A Comprehensive, Two-Generational Approach to Reduce Child Poverty

By Rhiannon Reeves

Nearly one in five children hold the unfortunate distinction of living in a poor family; and the younger children are, the more likely they are to be poor. The poverty rate is higher yet among young Black children and young Hispanic children (44 percent and 33 percent respectively). According to a new report from the Children’s Defense Fund (CDF), despite having the largest economy in the world, the United States has the second highest child poverty rate among 35 industrialized countries.

The CDF report, Ending Child Poverty Now, finds that child poverty could be reduced by 60 percent with a $77 billion investment in existing policies and programs. That’s just 15 percent of the estimated $500 billion the nation spends every year addressing the consequences of children growing up poor. We would be a wiser country to invest in children earlier, preventing hardship and negative outcomes.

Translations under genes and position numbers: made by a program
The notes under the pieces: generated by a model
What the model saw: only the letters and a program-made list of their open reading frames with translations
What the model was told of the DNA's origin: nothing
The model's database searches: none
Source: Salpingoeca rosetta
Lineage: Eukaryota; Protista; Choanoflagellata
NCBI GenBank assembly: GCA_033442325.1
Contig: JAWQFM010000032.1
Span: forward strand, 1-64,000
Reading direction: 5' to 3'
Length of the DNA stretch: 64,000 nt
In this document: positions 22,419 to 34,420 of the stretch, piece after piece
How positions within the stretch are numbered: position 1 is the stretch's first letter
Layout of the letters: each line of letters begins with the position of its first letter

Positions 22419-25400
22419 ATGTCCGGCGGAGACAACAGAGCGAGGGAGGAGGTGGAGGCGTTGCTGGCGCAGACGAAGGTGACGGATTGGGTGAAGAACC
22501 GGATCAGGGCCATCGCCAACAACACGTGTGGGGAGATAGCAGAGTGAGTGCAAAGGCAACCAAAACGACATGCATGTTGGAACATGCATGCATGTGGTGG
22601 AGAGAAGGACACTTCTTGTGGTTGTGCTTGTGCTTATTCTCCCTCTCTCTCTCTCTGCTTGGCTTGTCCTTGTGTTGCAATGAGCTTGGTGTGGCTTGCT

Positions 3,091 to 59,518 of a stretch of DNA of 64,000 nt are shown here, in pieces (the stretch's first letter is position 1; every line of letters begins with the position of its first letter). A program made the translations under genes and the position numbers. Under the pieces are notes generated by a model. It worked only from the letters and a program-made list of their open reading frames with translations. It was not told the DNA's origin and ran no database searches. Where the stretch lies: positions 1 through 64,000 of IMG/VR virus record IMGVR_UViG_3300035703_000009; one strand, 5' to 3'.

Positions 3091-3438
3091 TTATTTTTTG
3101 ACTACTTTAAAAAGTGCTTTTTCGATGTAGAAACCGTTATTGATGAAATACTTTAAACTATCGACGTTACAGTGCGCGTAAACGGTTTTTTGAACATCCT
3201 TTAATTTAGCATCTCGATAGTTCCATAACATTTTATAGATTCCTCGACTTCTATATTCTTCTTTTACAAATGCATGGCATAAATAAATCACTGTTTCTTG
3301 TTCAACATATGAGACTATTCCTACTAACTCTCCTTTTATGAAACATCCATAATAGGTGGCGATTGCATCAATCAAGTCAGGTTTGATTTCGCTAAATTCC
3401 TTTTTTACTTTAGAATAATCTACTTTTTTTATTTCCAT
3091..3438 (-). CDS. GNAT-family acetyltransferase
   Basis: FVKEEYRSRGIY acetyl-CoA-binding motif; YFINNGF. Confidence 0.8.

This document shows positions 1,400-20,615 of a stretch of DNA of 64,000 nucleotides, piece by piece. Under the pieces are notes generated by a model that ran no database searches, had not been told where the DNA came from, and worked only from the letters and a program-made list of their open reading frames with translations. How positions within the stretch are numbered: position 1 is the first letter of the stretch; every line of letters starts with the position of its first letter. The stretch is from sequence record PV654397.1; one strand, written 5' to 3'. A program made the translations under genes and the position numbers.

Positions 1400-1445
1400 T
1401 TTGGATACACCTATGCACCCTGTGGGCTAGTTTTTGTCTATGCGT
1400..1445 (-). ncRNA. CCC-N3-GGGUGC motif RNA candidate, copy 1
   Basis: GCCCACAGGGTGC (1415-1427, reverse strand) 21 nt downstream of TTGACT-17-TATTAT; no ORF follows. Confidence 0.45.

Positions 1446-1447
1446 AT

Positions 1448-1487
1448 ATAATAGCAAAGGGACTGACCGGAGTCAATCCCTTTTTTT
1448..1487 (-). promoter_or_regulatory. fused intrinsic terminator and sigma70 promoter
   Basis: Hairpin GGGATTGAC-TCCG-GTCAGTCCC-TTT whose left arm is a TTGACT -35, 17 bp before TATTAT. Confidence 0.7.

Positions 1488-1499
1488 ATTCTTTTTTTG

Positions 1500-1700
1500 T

Each single policy recommendation listed in the report could contribute to the reduction of child poverty on its own, but with less impact. The combined impacts of several policies have the potential to substantially improve economic circumstances for poor children and their families. Approaches identified in the report include increasing the Earned Income Tax Credit for lower-income families with children, increasing the federal minimum wage, making child care subsidies available to all eligible families below 150 percent of poverty, and making the Child Tax Credit fully refundable.

Similarly, the domestic priorities recently included in President Obama’s 2015 State of the Union address would increase opportunity for poor, low-income, and middle-income families through a comprehensive, two-generation policy approach. This includes an acknowledgement that child care assistance must be expanded for working families.

To truly improve the lives of low-income children and their parents, we must wisely consider the needs of two generations. It’s critical that federal and state policymakers consider comprehensive investments in health, nutrition, income support, and education programs.